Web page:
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A new political party for Colombia: FARC

Interview by staff |
October 8, 2017
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Fight Back! interviewed John Lugo on Oct. 6. Lugo, originally from Colombia, is a long-time resident of New Haven, Connecticut where he is a community and immigrant rights organizer, helping many, many people from all over the world. He recently returned to Bogota where he saw the results of the ongoing Colombian peace process, and observed the launch event of a new and progressive political party.

Fight Back!: Can you describe what was happening in the week leading up to the launch of the new party? What is the name of the new party?

John Lugo: The days leading up to the public announcement of the new party, the FARC organized its Congress where they decided their political agenda. They chose their name, and elected new leadership, 111 of them, who will choose the candidates to run in the elections. More than 1000 people attended this event, most of them former guerrilla fighters. In the end, they chose to keep the same acronym, FARC, although its meaning changed, now it is Revolutionary Alternative Force of the Common.

Fight Back!: What are the goals of the new party? How does it differ from other political parties?

Lugo: The goals of the new party are to maintain the same ideology that guided them during the armed conflict, and to offer an alternative to the traditional and corrupt politics of the parties who have governed Colombia.

For all the many different concerns of the people, the FARC has an agenda. They cover many important topics, things such as the ownership of the land for farmers and the mines for workers, but above all else, peace with social justice. It is a new party, in contrast to the oligarchical political parties of the rich, which is directed by the people, especially those people who supported the armed insurgency. The new FARC are close to the people they want to represent, those who have suffered the attacks by Colombia’s military machine - the same Colombian military that defends the interests of U.S. imperialism.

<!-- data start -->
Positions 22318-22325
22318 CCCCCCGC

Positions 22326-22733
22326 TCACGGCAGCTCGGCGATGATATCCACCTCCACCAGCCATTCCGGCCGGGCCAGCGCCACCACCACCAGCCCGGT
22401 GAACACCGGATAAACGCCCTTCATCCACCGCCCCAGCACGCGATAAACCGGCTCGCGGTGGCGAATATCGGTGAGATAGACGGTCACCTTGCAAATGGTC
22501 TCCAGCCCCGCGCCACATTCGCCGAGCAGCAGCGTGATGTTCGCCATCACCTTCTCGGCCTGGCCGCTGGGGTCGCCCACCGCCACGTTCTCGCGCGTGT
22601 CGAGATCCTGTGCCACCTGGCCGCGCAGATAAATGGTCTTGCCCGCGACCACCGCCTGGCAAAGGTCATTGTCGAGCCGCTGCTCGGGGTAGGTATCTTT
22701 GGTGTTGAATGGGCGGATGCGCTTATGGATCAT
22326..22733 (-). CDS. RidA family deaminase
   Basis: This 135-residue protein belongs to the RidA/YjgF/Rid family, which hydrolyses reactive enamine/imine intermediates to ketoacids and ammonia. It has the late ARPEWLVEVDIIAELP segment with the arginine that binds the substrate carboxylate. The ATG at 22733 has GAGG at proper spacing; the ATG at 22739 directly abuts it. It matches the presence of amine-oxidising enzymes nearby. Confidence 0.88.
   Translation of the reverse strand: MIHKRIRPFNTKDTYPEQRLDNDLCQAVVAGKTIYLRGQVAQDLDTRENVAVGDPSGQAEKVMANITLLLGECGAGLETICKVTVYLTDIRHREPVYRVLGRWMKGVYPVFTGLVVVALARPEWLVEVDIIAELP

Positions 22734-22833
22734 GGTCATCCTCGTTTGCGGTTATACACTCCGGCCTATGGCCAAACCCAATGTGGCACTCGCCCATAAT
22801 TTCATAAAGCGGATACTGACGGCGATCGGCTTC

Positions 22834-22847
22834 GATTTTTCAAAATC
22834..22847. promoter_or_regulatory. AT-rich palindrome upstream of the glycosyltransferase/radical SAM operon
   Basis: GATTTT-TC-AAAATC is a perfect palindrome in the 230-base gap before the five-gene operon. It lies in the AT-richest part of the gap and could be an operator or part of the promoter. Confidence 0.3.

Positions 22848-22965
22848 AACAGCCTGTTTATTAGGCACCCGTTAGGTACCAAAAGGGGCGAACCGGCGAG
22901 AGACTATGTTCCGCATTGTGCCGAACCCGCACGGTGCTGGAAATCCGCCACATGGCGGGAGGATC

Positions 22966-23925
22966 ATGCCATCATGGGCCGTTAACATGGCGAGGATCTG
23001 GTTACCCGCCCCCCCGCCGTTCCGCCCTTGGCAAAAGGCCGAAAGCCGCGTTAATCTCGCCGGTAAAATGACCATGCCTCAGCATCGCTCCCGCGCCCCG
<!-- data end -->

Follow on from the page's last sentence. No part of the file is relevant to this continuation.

Fight Back!: Now that the FARC-EP agreed to stop waging armed struggle, what protections or guarantees are there? Will right-wing death squads still kill political activists, trade unionists and teachers? Will the FARC and other activists be allowed to participate in elections, or organize for social change and revolution without fear of assassinations and death?

Lugo: I believe that the protection will depend on themselves. Of their ability to continue working in groups and with communities. There is an agreement with the government that the bodyguards for the FARC leadership will be former guerrilla soldiers trained by the country’s police, although this does not guarantee anything. The history of previous peace treaties is that the revolutionaries end up with hundreds assassinated and the peace process fails. Today, we have already heard of dozens of former guerrilla fighters who have been assassinated. At the same time, peasants, indigenous people and social leaders have fallen too. The reality is that the right-wing paramilitary groups are still active and now occupy lands previously occupied by the FARC. In my opinion, we will have to wait about a year, to see how this fundamental issue evolves and we must prevent further spillage of blood.

Fight Back!: What can we do in the U.S. to show our solidarity with the peace process in Colombia? 

Lugo: Our work in the U.S. is to continue demanding the recognition of and support for the Colombian peace treaty. Trump has ignored it and remained silent. We need different voices in the Congress, especially the Senate, to make their voices public in supporting peace. It is important to continue the work to release from U.S. prisons both FARC members Simon Trinidad and Comrade Sonia based on how much they are needed in Colombia. It is not fair for them to continue being prisoners, held as trophies in a war that has come to an end.

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